The governor’s race in Texas was the biggest disappointment for realtors in Florida. A Beto victory carried with it the prospect of rich Californians choosing Florida rather than Texas as their escape-from-Newsom destination. The silver living is that Greg Abbott’s victory was only 55/44 (compare to 56/42 in 2018 and 59/39 in 2014). Given the propensity of today’s young people to support progressive politics and the overall national trend towards bigger government, it seems likely that Texas will eventually be governed by Democrats, a huge boost to Florida’s chances of capturing fleeing successful Californians. Maybe Texas is safe from California-style government today, but people who go to the effort of moving are also interested in what a state will be like in 10-20 years.

An exchange on Facebook with one of those successful Californias who praised a college that doesn’t discriminate on the basis of skin color:

I wish my own kids were brave, and principled, and original thinking enough to consider applying instead of conforming to conventional wisdom and stupid rankings. I’ll keep trying to teach them.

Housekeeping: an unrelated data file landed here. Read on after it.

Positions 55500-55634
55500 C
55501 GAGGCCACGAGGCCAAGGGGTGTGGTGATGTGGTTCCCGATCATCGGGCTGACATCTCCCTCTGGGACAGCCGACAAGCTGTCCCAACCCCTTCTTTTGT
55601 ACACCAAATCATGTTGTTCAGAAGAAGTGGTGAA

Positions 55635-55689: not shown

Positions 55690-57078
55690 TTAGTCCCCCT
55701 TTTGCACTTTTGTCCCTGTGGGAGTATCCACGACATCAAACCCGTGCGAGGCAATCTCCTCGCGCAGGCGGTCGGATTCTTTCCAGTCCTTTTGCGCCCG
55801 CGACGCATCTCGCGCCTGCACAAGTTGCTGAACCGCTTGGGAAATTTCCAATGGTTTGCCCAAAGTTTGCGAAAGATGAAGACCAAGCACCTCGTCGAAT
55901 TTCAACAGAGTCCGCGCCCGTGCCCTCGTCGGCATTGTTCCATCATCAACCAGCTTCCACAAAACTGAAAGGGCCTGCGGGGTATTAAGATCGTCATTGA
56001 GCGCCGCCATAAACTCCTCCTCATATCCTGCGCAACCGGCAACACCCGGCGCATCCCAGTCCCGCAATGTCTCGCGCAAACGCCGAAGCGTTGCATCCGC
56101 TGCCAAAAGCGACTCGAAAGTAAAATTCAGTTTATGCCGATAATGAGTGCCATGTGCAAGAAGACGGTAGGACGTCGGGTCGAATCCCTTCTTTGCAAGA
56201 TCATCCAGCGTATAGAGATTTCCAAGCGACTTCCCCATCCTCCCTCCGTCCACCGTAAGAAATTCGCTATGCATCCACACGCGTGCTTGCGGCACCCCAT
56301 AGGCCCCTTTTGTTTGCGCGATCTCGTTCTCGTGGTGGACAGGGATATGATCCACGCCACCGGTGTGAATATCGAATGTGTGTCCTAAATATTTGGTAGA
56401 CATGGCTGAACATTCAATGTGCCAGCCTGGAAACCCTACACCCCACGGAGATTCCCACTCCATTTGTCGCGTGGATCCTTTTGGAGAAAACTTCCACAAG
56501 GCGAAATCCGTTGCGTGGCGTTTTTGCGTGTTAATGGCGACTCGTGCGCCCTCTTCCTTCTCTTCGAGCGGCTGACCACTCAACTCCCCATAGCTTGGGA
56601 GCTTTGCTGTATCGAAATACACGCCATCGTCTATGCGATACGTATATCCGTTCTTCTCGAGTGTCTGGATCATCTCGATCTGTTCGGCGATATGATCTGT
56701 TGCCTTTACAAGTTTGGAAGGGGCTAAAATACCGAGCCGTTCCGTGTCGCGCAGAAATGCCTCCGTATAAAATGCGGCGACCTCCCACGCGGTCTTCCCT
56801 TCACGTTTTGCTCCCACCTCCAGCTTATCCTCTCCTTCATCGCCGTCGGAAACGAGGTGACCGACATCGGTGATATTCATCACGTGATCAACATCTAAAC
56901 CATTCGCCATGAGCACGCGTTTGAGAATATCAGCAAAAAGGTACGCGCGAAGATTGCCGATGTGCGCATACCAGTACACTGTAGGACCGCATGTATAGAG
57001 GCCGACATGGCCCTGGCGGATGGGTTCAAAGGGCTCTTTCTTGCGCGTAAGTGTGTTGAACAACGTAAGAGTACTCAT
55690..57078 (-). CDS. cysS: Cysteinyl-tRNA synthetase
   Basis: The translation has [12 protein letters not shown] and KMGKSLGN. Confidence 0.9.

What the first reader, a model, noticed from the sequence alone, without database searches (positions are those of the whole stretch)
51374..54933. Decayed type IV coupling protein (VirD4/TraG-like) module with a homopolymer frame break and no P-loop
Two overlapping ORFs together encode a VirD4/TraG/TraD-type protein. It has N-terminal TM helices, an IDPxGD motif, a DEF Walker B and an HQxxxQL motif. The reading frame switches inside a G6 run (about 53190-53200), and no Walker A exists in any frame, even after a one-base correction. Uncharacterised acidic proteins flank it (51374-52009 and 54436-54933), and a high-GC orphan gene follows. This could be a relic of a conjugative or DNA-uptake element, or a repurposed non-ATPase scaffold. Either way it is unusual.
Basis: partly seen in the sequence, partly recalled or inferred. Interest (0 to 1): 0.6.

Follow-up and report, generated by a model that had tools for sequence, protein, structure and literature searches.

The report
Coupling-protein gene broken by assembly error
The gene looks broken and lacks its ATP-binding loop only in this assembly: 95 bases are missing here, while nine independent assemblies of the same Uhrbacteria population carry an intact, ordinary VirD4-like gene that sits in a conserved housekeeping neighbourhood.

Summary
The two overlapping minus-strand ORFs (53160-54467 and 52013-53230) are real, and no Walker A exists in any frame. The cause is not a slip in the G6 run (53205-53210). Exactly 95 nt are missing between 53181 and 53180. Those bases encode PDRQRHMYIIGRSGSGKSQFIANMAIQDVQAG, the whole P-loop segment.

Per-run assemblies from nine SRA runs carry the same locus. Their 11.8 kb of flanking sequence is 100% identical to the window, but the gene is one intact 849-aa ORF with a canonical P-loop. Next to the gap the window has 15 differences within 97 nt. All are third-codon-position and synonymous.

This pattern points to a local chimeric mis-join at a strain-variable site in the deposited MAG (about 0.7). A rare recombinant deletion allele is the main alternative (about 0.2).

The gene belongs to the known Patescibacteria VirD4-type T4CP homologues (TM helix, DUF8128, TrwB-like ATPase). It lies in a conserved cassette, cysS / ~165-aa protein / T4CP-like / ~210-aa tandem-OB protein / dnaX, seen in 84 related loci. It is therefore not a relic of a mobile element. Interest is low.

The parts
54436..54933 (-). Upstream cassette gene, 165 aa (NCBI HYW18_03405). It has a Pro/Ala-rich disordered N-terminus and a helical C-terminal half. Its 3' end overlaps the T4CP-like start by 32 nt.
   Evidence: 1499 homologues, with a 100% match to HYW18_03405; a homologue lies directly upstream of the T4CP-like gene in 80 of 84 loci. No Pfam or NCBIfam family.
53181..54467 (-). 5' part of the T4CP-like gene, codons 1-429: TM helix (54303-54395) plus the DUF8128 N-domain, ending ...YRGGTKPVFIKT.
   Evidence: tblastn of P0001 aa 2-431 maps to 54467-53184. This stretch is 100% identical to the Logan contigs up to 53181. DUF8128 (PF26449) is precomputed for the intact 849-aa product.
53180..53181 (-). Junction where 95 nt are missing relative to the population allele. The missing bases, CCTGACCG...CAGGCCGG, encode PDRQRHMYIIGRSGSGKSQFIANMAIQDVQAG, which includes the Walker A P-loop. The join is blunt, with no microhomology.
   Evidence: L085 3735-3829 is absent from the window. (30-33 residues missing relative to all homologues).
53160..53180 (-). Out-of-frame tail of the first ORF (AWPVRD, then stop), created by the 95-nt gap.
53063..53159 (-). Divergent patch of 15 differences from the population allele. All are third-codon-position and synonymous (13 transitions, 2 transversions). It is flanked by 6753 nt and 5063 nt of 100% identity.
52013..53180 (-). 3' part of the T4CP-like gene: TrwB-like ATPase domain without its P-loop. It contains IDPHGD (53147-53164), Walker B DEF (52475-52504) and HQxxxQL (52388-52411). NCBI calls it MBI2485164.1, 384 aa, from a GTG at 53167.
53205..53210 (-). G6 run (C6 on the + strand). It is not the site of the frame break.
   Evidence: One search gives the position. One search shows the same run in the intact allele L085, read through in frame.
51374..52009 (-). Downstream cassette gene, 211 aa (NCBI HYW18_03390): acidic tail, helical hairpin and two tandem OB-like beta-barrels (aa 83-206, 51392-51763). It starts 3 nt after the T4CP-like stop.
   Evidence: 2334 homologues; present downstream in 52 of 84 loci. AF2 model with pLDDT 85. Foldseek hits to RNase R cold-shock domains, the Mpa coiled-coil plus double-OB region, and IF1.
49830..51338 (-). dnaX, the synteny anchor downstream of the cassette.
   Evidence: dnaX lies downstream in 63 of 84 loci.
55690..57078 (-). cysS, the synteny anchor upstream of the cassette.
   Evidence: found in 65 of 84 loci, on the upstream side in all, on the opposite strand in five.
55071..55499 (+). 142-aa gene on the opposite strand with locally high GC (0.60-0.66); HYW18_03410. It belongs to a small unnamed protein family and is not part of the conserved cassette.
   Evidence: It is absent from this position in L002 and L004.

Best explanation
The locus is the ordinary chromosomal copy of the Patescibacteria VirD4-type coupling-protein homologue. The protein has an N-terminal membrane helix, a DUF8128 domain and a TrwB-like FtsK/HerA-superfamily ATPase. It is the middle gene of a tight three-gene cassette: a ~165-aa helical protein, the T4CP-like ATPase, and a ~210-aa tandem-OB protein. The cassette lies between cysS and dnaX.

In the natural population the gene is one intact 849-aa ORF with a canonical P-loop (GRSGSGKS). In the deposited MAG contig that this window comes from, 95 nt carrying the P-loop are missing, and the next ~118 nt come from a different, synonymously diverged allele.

But your kids have watched you conform. California politicians took away your liberties one by one starting in March 2020 and you simply stayed in California, right? And, in fact, your kids watch you pay taxes to fund all of it.

I have 2 kids I can’t move away from [California family law gave his wife millions of reason to sue him…]. But in 2 years when #2 goes to college I’ll have a lot more altitude to go elsewhere. FL is too far away and TX is too close to purple. UT is the current front runner.

The guy believes that Texas is just a few young voters away from Following the Science into lockdowns, mask orders, vaccine papers checks, etc., and maybe a new personal income tax to pay for it all! (Beto promised to use Science to protect Texans from viral threats. In fairness, so did Abbott, but he interpreted Science’s whispers differently.)

There was great news in Michigan. Lockdown Democrat Gretchen Whitmer was reelected 54/44, a clear indication that nothing is going to change in Michigan. People who don’t love the government there should move away. Wisconsin (a paradise for child support profiteers) similar reelected a Democrat governor. Pennsylvania is a great source of new residents with money for Florida. A Democrat won there by a large margin (56/42). Again, people who don’t want to be ruled by Democrats have only one realistic option: move. And once the decision to move is made, Florida is there and ready with jobs, low taxes, all-year outdoor recreation, etc.